Helicopters have a variety of uses. Their roles include executive/VIP transport, medical support, offshore support, fire fighting and law enforcement. They also can undertake paramilitary and military roles. As a result, helicopters often have specialized add ons to the exterior body. Fixed-wing aircraft, on the other hand, have very few components that require actual removal during preparation and painting. Helicopters demand expertise in removal and replacement of these parts, each of which requires specific care.
In addition, when you enter a fixed-wing aircraft, many passengers just walk up an airstair and go right in without paying too much attention to the skin. With a helicopter, you can walk up to it at any angle, at any level. The helicopter has to be perfect through 360 degrees. You are touching the helicopter and can see everything as you enter, so attention to detail in the painting process must be extremely high.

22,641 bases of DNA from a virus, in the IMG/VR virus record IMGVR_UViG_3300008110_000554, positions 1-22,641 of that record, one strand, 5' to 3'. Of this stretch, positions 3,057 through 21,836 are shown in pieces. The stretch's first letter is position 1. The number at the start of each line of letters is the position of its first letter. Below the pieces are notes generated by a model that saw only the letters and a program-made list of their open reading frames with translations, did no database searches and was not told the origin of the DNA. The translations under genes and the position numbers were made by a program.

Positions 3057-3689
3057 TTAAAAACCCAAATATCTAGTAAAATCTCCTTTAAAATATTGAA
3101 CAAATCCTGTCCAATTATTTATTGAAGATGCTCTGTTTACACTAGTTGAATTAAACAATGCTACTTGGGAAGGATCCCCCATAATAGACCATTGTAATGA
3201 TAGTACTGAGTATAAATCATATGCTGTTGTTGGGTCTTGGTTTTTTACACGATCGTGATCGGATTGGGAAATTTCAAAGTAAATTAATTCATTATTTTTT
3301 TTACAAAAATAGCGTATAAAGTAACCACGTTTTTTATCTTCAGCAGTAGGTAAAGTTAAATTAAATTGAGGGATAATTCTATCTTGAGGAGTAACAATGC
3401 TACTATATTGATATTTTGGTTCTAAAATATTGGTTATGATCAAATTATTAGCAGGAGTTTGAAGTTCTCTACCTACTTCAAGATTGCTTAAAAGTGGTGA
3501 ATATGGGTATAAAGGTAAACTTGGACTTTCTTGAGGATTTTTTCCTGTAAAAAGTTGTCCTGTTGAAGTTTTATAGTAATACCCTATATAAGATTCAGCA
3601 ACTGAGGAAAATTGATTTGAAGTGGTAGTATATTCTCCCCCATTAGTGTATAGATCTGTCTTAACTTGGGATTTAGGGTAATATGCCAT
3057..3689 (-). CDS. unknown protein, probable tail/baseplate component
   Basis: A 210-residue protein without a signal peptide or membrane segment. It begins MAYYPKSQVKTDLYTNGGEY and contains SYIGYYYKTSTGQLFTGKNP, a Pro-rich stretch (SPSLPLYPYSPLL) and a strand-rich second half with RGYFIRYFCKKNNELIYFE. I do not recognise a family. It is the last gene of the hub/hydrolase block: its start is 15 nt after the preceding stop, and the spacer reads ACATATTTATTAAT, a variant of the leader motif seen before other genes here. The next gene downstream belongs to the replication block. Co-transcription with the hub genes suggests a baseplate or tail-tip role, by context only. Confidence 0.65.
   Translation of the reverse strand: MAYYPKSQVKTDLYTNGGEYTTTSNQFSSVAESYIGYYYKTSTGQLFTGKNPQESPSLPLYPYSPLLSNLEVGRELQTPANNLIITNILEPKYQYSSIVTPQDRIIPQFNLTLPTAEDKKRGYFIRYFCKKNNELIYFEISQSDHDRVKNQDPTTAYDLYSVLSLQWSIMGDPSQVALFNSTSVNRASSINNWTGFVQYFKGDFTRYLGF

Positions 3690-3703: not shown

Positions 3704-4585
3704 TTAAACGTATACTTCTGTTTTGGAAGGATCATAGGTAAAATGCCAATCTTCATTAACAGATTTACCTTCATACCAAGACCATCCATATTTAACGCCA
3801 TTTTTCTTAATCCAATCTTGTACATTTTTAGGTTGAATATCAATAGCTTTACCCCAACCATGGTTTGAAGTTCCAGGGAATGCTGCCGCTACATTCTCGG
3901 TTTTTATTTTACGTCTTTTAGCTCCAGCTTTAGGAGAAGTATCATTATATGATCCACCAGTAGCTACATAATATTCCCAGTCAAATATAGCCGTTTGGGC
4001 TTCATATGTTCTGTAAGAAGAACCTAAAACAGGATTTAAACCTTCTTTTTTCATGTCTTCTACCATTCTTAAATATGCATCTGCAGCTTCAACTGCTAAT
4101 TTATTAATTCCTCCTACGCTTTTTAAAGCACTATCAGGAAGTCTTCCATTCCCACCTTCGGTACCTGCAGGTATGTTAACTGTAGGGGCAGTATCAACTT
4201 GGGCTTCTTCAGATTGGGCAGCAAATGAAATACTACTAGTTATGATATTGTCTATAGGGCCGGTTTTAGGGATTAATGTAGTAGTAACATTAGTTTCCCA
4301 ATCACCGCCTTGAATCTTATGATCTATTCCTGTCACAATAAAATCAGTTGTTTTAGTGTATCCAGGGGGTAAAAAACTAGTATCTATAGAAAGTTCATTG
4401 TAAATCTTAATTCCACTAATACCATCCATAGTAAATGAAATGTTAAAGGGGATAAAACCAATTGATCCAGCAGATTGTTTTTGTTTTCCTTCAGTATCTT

On fixed-wing aircraft, the best technician in a crew typically paints at and around the entranceway. That approach does not work for helicopters, where all surfaces are close by and in view.
Describe the ideal process for painting a helicopter.
Helicopter painting is an intensive, detailed process. In our shop, every exterior part comes off of the helicopter during preparation — every cowling, every access panel — and is individually addressed. We basically take that helicopter apart, do all of the preparation work and paint the removed parts individually using the base color. Then we reinstall the parts to perform all of the layout work, making sure that everything lines up correctly.